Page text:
5. And as Abraham, fo likewife his feed, or pofterity, were at the fame time, and before they had a being, taken into God's covenant, and intitled to the bleffings of it. (Gen. xvii. 7, "I will eftablifh my cove nant between me and thee, and thy feed after thee, &c.") Not all his pofterity, but only thofe whom God intended in the promise; namely, firft the nation of the Jews, who hereby became particularly related to God, and invested in fundry invaluable privileges; and after them the believing Gentiles, who were reckoned the children of Abraham, as they fhould believe in God as Abraham did. But more of this hereafter.
6. For about 215 years, from the time God ordered Abraham to leave his native country, he and his, fon Ifaac, and grand-fon Jacob, fojourned in the land of Canaan, under the special protection of Heaven, till infinite Wisdom thought fit to fend the family into Egypt, the
then head-quarters of idolatry, with a defign they should there increase into a nation; and there, notwithstanding the cruel oppreffion they long groaned under, they multiplied to a furprifing number. At length God delivered them from the fervitude of Egypt, by the most dreadful difplays of his almighty power; whereby he demonftrated himfelf to be the one true God, in a fignal and compleat triumph over idols, even in their metropolis, and in a country of fame and eminence among all the nations round about. Thus freed from the vileft bondage, God formed them into a kingdom, of which he himfelf was king; gave them a revelation of his nature and will; inftituted fundry ordinances of worship; taught them the way of truth and life; fet before them various motives to duty, promifing fingular bleffings to their obedience and fidelity, and threatning difobedience and apoftacy, or revolt from his government, with very heavy judgments; efpecially that of being expelled from the land of Canaan, and "fcattered among all people, from the one end of the earth unto the other," in a wretched, perfecuted ftate. Deut. xxviii. 63-68. Lev. xxvi. 3, 4, &c. 33. Having fettled their conftitution, he led them through the wildernefs, where he difciplined them for forty years together; made all oppofition fall before them; and at last brought them to the promised land.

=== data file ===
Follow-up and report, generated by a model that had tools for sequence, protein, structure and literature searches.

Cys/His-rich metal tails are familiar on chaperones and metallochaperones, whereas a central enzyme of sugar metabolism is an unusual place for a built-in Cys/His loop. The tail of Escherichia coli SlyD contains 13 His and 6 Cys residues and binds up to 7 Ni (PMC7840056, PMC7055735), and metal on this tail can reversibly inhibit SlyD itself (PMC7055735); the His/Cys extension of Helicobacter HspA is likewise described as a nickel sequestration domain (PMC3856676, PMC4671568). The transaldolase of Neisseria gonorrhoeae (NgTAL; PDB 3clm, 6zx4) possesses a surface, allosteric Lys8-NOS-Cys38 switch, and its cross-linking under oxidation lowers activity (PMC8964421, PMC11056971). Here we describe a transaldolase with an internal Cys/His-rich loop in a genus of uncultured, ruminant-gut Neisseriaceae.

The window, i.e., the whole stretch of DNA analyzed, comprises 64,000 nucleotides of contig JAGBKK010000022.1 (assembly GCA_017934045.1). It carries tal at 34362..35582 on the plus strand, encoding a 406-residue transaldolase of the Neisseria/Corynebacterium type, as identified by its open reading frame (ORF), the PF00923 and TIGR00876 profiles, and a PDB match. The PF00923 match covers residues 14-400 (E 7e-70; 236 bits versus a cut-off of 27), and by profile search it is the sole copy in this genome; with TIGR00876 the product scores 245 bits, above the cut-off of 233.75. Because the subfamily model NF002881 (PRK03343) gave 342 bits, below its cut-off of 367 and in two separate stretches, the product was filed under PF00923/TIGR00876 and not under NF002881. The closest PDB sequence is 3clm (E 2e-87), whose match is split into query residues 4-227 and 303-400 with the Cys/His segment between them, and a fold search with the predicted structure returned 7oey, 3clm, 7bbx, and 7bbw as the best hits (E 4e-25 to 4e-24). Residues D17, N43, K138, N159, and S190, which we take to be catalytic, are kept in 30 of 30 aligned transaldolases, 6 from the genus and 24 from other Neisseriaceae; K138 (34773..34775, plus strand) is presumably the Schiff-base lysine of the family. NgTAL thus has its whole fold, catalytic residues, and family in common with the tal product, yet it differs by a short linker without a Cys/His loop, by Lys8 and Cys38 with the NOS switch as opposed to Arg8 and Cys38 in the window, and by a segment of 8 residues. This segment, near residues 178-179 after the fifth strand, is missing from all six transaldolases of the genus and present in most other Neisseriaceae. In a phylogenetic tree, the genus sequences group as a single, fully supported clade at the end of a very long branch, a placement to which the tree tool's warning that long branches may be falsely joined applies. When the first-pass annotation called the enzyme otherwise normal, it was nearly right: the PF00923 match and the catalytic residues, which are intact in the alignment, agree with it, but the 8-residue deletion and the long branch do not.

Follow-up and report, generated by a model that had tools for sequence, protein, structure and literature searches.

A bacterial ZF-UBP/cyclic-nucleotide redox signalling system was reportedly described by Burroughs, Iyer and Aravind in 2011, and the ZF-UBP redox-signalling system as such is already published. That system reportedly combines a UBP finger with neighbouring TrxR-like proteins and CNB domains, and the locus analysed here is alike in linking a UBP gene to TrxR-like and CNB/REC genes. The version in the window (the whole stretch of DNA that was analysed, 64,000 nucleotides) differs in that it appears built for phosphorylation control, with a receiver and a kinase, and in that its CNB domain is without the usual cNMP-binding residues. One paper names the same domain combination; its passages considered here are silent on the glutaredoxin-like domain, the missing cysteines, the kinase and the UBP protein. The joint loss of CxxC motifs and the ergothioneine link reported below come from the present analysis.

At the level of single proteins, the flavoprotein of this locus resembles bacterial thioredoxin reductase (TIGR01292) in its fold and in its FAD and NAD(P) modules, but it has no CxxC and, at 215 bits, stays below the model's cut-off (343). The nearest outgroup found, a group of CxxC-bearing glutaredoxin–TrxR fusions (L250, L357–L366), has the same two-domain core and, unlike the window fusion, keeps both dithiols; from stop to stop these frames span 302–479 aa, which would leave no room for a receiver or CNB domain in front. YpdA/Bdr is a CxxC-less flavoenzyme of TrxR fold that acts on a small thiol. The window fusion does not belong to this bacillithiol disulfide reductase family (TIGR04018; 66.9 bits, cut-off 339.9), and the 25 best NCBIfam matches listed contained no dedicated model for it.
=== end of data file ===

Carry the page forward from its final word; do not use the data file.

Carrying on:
7. Here I may obferve, that God did not choofe the Ifraelites out of any partial regard to that nation; nor because they were better than other people, (Deut. ix. 4, 5.) and would always obferve his laws. It is plain he knew the contrary. (Deut. xxxi. 29. xxxii. 5, 6, 15.) It was indeed with great propriety, that among other advantages he gave them alle that, of being defcended from progenitors illuftrious for piety and virtue; and that he grounded the extraordinary favours they enjoyed upon Abraham's faith and obedience, Gen. xxii. 16, 17, 18. But it was not out of regard to the moral character of the Jewish nation that God chose them,  (*) any other nation would have ferved as well on that account; but as he thought fit to felect one nation of the world, he felected them out of refpect to the piety and virtue of their ancestors, Exod. iii. 15. vi. 3, 4, 5. Deut. iv. 37.